Blood Transfusion #2

Whiling away the time in hospital, I thought I’d focus my next post on giving blood and the importance of doing so if you’re able to. In my experience of talking about this so far, many healthy people don’t donate because it’s simply not on their radar to do so.

Since Poppy was diagnosed, 10 amazing people have been inspired to give blood and I am sure we can add many more to this list if we keep having conversations about it. I’d also like to mention all of the incredible people who already give blood regularly and didn’t need any extra motivation to do a very nice thing! A sincere and heartfelt thank you to all those that fall into either group.

If you don’t already give blood and haven’t been inspired to recently, please can I tentatively ask why? Under current guidelines, Poppy won’t be able to give blood when she’s older as she has received a transfusion herself. I know there are a number of restrictions and there will be many reading who would like to give but aren’t able to, so thank you for considering it even if you weren’t able to donate in the end.

For the rest of you…are you too busy? Too scared? Or just simply haven’t given it much thought before? It’s very easy to register on the Give Blood website and see where local appointments are taking place regularly. I gave blood a handful of times before falling out of the habit when I moved away to university, so I know how easily you can move through life without giving it much headspace. I also recognise the fear…I’m as squeamish as they come!

Since drafting this post, it was decided that Poppy would receive another blood transfusion today. Six weeks to the day of her first blood transfusion, she received another unit of blood from a complete stranger, who in giving blood has quite possibly contributed to saving her life.

The difference in Poppy’s health since receiving her transfusion this morning has been remarkable. She’s moving better, talking more and most importantly of all, smiling wider. We were finally released from hospital late this afternoon and made it home in time for Poppy and Daisy to spend a delightful hour in the garden together, spooning stones into buckets and just generally enjoying being near each other again after a prolonged period apart.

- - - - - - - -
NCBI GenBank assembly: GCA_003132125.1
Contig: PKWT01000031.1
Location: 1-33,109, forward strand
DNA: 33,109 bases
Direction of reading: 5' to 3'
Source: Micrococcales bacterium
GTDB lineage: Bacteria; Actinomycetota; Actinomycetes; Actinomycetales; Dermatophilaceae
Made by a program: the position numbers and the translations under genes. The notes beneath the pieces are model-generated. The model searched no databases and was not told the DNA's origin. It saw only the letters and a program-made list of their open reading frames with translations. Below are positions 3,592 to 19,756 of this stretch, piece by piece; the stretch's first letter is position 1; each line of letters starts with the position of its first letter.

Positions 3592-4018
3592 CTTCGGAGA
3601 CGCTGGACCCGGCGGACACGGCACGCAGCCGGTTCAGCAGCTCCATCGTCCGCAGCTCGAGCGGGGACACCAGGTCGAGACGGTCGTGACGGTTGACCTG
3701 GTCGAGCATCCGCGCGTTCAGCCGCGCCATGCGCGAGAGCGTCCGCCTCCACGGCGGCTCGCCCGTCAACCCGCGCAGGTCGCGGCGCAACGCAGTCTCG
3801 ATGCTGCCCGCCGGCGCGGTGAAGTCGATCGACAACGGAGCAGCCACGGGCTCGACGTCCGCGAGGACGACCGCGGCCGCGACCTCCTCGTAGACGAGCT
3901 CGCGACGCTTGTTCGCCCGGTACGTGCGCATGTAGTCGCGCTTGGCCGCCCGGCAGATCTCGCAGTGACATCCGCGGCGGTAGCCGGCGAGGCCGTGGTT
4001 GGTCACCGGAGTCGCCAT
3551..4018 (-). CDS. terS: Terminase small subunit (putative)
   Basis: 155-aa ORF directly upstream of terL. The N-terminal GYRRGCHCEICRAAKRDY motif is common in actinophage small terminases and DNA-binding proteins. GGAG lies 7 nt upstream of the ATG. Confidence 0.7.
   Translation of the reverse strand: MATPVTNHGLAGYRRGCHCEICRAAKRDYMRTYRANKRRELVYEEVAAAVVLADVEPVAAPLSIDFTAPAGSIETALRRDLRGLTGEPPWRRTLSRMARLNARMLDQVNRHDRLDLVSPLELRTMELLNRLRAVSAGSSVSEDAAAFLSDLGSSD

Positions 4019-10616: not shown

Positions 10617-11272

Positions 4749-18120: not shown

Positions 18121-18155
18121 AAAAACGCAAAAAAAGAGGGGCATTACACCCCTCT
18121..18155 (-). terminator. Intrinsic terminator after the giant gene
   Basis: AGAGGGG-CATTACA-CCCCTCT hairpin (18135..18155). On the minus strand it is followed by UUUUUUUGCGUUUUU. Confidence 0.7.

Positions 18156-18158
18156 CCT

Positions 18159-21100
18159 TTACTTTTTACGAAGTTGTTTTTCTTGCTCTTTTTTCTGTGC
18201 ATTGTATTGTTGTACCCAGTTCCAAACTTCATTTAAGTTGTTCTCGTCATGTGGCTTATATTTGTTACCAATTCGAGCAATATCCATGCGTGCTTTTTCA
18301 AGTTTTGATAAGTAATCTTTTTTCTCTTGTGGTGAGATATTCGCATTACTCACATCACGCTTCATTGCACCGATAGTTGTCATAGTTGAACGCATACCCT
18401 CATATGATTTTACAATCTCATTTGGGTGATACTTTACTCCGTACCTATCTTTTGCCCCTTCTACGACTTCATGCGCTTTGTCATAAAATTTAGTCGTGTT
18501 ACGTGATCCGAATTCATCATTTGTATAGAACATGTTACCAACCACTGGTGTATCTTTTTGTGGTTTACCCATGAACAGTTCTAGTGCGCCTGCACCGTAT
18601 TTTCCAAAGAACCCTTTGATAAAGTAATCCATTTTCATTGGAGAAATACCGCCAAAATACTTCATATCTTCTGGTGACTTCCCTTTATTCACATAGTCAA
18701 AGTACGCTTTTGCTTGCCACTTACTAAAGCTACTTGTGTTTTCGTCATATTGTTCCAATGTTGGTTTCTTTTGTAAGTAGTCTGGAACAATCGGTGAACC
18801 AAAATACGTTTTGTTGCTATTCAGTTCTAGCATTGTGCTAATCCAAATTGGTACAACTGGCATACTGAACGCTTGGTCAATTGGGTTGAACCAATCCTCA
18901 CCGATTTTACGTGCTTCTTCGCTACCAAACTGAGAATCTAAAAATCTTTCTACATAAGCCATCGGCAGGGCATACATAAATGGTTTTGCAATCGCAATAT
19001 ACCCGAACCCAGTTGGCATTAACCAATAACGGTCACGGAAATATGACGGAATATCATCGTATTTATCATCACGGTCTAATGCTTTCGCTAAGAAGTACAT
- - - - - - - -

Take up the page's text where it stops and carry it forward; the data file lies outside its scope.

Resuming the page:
I don’t know enough about medicine to speculate what would happen if there wasn’t any blood available for Poppy to receive, but I feel very fortunate to live in a country with the support and supplies to make this possible. Unlike most other precious resources in our commercial world, blood isn’t available at a premium price to the highest bidder. The only way to source it is through donations.

Having watched Poppy bravely cope with everything Leukaemia has thrown at her, I certainly feel that I can manage to be a bit braver too. My own appointment is scheduled for mid July with an appointment for cake shortly afterwards!

If you’re still deciding whether to donate, please consider making an appointment or finding out a bit more. And if after reading all of this, you still feel giving blood is not for you, perhaps you could please share the idea with your family or work colleagues to make a difference that way instead.

We’d love to hear from you if Poppy has inspired you to give blood. Please let us know so we can grow that list of life-saving, blood-giving heroes and build even more positives from her diagnosis x



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